Pro-democracy activists and rebels in Syria recently asked Israel, their nation's worst enemy, to come to their aid, according to an Israeli government official.
Ayoub Kara, the Likud minister for development in the Galilee and Negev regions, told a gathering in Beersheva on Saturday that he had been personally approached by the Syrian protestors.
"The Syrian opposition asked for my help because of my connections," said Kara. "They wanted me to go to the [Israeli] government for help, that we would ask the UN, the US and the EU to go against [Syrian dictator Bashar] Assad."
To Kara's disappointment, the Prime Minister Benjamin Netayahu turned down the request, as he did not want Israel to be seen as directly interfering in the internal matters of neighboring Arab states.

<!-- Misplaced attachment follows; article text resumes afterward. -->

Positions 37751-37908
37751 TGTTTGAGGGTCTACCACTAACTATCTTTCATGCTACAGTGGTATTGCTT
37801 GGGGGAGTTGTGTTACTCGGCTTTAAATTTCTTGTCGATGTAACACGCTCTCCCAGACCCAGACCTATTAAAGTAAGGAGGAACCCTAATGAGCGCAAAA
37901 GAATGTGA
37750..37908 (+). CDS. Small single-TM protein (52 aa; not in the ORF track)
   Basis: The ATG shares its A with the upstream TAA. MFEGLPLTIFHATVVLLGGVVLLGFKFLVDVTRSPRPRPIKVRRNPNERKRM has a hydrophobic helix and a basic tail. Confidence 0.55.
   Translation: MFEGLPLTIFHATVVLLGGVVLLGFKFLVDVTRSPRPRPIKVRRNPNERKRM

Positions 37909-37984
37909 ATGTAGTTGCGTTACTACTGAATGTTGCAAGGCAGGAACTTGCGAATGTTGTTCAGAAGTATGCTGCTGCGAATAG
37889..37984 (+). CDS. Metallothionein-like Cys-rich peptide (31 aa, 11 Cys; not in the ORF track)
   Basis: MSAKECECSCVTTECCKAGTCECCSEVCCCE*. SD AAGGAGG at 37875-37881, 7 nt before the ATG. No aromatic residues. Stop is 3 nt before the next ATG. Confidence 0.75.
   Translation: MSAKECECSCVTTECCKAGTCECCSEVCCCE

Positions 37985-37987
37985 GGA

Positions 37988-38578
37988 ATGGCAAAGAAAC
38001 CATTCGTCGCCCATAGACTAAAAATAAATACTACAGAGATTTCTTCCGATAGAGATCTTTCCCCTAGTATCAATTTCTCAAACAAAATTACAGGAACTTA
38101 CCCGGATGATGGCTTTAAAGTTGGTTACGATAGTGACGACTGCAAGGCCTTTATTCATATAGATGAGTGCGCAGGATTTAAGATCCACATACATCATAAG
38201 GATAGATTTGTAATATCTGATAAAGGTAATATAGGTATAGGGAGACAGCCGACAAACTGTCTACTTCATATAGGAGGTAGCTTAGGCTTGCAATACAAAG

If true, Kara's account reveals that even though most Arabs in the region are raised to view Israel as a hateful enemy and the Jews as bloodthirsty monsters, many of them know better.
These Syrians would not be the first Arabs to turn to Israel and the Jews for aid, espeicially when it came to fighting for their freedom.
Most famously, Israel fought alongside the Christians of southern Lebanon against the tyrannical Muslim forces in that country for 15 years. The alliances between the Israeli army and the South Lebanon Army (SLA) was an often ignored aspect of the much-maligned Israeli-controlled southern Lebanon security zone.